The changing state of airport automation

Abstract

Following the March 1977 collision of two Boeing 747 aircrafts on the runway of the Los Rodeos airport in the Canary Islands, increasing safety on the airport surface during both regular and irregular weather conditions through the development of automated systems became a primary initiative. Over time, these systems have become more sophisticated, and it has been evident that with the support of reliable and effective technology, controllers can manage terminal airspace and ground movements with greater safety. Today, automated safety systems are viewed as a critical part of any air traffic control solution and are no longer the primary driver behind technological enhancements. As a result of significant technological innovations in the field of computing, communication, and consumer technologies, sophisticated air traffic management automation systems now allow aircraft operators to safely and efficiently reduce operating costs, improve predictability, and reduce disruption during off-nominal operations. This paper will explore the past airport automation development waves focused on safety enhancements; the current wave primarily driven by efficiency improvements; and the next wave, which should resume the focus on safety enhancements.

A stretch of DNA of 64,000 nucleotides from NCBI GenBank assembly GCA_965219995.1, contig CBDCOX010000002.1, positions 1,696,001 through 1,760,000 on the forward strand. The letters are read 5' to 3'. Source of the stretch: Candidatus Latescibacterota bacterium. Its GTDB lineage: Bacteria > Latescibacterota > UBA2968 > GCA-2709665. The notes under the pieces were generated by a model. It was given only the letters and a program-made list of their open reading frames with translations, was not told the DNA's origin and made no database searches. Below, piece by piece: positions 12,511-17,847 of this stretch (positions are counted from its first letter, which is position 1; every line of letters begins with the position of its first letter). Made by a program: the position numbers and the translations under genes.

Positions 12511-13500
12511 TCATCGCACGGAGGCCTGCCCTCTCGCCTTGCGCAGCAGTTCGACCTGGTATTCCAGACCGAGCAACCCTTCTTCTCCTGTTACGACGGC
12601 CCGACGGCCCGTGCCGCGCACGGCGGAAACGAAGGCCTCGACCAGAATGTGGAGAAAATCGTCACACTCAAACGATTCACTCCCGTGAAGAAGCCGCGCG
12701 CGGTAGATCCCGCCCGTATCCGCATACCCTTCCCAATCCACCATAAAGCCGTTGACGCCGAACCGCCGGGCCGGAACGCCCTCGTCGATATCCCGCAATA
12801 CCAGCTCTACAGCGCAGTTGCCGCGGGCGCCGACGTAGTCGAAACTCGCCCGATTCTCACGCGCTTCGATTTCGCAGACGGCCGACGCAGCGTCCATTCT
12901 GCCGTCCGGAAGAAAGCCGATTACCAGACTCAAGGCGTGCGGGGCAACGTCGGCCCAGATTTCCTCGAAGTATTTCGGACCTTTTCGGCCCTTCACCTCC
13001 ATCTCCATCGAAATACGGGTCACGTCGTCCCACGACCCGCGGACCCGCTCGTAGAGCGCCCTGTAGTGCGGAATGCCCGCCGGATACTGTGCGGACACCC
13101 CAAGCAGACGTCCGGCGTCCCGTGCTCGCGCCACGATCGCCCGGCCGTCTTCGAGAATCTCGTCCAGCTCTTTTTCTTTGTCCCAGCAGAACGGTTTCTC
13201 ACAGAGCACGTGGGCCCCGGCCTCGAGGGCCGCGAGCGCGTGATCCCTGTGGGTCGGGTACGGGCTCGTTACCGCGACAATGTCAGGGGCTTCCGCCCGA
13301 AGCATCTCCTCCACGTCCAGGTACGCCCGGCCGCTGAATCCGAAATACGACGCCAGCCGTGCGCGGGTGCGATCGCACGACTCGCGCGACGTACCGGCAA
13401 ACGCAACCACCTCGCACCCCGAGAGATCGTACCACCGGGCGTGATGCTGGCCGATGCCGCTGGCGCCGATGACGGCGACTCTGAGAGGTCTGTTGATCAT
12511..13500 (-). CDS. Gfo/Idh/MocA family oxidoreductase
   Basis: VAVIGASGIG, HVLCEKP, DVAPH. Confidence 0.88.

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Cite this paper

@article{Donovan2014TheCS, title={The changing state of airport automation}, author={Todd Donovan and F. Matus and Adrian Solomon}, journal={2014 IEEE/AIAA 33rd Digital Avionics Systems Conference (DASC)}, year={2014}, pages={1E2-1-1E2-8} }